The Glossover

product

Zoya Smoke Collection Swatches, Photos, Reviews, Dupes

A
Oddly enough, I see the smokiness that Zoya went for with these polishes. It's most apparent in Cynthia, which ended up looking really complex despite its cream finish.

Product

9.5/10

Pigmentation

10/10

Texture

10/10

Longevity

9.5/10

Application

5/5

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Monday, July 4th, 2011


Bobbi Brown Bronze Tortoise Shell Eye Palette

Bobbi Brown Bronze Tortoise Shell Eye Palette

Bobbi Brown Bronze Tortoise Shell Eye Palette ($60.00 for 0.32 oz.) is new and limited edition for fall and contains eight eyeshadows: Banana (buttery cream), Olive (golden olive), Gold Nugget (yellow gold), Bronze (true bronze), Tiger’s Eye (golden copper), Copper Cocoa (light chocolate brown), Espresso (dark chocolate brown), and Amber (pink bronze).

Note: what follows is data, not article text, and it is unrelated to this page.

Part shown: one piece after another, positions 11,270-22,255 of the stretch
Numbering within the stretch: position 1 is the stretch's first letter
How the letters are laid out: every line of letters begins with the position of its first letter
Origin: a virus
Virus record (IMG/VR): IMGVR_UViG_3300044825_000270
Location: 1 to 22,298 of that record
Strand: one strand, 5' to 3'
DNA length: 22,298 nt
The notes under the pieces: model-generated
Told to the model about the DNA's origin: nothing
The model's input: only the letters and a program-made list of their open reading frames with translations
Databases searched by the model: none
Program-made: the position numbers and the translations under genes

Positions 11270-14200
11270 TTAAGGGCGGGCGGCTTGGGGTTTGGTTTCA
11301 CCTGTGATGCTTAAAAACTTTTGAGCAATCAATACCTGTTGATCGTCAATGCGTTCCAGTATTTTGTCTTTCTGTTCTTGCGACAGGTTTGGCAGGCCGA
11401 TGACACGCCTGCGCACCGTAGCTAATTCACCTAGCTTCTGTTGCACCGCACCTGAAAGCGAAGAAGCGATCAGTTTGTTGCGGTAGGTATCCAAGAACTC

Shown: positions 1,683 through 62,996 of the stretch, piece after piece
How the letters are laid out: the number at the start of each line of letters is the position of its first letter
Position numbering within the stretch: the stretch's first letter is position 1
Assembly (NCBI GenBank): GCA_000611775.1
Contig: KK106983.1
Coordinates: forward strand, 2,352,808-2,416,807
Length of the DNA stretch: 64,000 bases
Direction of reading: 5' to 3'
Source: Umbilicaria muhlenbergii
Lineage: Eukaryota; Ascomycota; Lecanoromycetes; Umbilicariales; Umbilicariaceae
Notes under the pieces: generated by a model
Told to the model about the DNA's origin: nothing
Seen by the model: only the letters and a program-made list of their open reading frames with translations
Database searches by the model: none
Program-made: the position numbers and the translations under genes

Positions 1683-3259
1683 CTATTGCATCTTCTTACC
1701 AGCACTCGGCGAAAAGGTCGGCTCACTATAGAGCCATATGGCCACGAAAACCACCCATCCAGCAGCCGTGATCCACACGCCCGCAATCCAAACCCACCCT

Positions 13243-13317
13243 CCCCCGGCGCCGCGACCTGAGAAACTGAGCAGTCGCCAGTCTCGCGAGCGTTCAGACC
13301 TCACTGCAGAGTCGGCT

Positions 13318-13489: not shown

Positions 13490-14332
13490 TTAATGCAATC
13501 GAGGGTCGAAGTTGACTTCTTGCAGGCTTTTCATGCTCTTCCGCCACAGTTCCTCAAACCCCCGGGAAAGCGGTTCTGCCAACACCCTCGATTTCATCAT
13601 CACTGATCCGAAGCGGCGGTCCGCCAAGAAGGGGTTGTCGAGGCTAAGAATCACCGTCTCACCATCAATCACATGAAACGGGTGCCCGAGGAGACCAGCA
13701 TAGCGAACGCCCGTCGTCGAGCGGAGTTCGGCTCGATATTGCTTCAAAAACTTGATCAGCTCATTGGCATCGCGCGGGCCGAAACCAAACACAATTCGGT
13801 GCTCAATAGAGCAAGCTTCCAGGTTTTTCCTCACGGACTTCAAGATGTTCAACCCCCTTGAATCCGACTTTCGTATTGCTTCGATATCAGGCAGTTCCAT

Here’s a quick breakdown of Bobbi Brown’s finishes: regular eyeshadows have a matte finish, which means no shimmer; sparkle eyeshadows are glittery and have a translucent base to allow it to glide onto the lid; metallic eyeshadows are richly pigmented with a bright sheen; and shimmer wash eyeshadows are sheer and lightly pearlized.

  • Banana is a darkened butter yellow with a matte finish. This has a matte finish. It had nice color payoff and applied smoothly, softly, and didn’t feel powdery.
  • Gold Nugget is a sheer, yellowed gold color base with yellow gold glitter and shimmer. This has a sparkle finish. The color payoff is low here, which makes some sense if it’s supposed to have a “translucent base,” though I’m not entirely certain that these are supposed to be sheer. To me, this didn’t feel like a regular sparkle–it felt smoother. It’s a lot like MAC Goldmine.